We've been seeing more evidence that North American manufacturers are benefiting from a reshoring trend. What's driving reshoring? The biggest factor is that the cost premium of making things in North America is disappearing -- or at least shrinking significantly. Manufacturers here have become experts at operating lean. Over in China, the cost of labor has risen quickly. The result is that manufacturers are North America are now more cost-competitive with their counterparts in China. When costs are in the same ballpark, then other factors may give an edge to manufacturers in North America -- among others, the size of the domestic market, and the ability to keep supply chains shorter. In the past year, we've all seen the impact of things like flooding in Thailand and the earthquake in Japan on global supply chains. The North American manufacturers that I talk to are aware of these big-picture trends. But how many are actually pursuing a strategy to take advantage of the situation? One that's taking a stab is Crescent Industries Inc., an employee-owned custom injection molder and toolmaker in New Freedom, Pa. Last week the company put out a news release titled "Reasons to Consider ReShoring of Your Injection Molding & Mold Building." The company, which also has a blog filled with custom molding tools and tips, lists reasons why OEMs should consider reshoring their work. Most of the anecdotal evidence hints that North American custom molders like Crescent are picking up business thanks to reshoring. Many of the projects are smaller jobs -- using a baseball analogy, molders are hitting a lot of singles. Perhaps with a bigger push, we'll start to see some home runs.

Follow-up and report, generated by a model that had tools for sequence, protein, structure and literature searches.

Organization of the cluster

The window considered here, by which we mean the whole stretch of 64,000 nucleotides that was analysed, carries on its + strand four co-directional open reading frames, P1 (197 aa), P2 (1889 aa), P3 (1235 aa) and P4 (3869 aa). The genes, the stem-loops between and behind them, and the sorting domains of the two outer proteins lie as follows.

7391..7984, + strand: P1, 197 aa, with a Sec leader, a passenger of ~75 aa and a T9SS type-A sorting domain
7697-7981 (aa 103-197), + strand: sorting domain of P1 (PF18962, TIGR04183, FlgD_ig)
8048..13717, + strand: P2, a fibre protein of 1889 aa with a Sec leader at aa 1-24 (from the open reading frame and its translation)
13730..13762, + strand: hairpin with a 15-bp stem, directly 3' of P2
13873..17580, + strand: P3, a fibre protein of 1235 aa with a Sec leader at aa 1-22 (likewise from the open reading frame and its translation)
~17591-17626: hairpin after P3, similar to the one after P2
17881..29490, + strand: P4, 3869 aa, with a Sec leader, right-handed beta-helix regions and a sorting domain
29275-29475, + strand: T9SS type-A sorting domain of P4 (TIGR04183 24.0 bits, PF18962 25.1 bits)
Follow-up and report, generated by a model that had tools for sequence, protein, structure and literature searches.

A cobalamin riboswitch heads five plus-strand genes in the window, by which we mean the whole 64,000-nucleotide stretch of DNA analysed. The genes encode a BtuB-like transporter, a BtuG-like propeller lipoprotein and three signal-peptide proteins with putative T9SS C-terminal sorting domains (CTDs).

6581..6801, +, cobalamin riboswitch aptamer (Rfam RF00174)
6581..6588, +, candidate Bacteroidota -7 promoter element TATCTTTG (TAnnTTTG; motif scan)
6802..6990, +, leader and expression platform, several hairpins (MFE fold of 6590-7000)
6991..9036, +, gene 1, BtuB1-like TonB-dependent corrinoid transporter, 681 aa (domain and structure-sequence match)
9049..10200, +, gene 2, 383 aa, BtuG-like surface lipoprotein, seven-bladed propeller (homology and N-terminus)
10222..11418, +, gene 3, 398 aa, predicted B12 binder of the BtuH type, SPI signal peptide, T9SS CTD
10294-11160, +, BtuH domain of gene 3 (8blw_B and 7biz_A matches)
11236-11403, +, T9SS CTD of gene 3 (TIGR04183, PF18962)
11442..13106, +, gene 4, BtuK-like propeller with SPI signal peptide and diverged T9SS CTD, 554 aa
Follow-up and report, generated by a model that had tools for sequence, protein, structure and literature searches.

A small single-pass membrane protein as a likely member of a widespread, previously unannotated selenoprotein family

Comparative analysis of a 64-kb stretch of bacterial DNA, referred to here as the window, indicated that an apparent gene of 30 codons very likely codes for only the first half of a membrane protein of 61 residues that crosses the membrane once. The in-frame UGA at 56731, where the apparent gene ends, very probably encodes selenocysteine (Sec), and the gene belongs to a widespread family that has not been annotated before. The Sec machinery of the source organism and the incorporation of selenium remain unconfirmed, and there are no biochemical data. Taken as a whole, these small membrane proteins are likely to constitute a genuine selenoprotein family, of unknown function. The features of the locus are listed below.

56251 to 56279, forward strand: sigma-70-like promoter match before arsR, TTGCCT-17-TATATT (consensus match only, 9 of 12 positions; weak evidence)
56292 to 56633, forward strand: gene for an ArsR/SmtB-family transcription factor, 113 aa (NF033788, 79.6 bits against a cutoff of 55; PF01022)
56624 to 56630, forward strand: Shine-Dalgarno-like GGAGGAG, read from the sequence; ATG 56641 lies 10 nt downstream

Promoting a reshoring strategy
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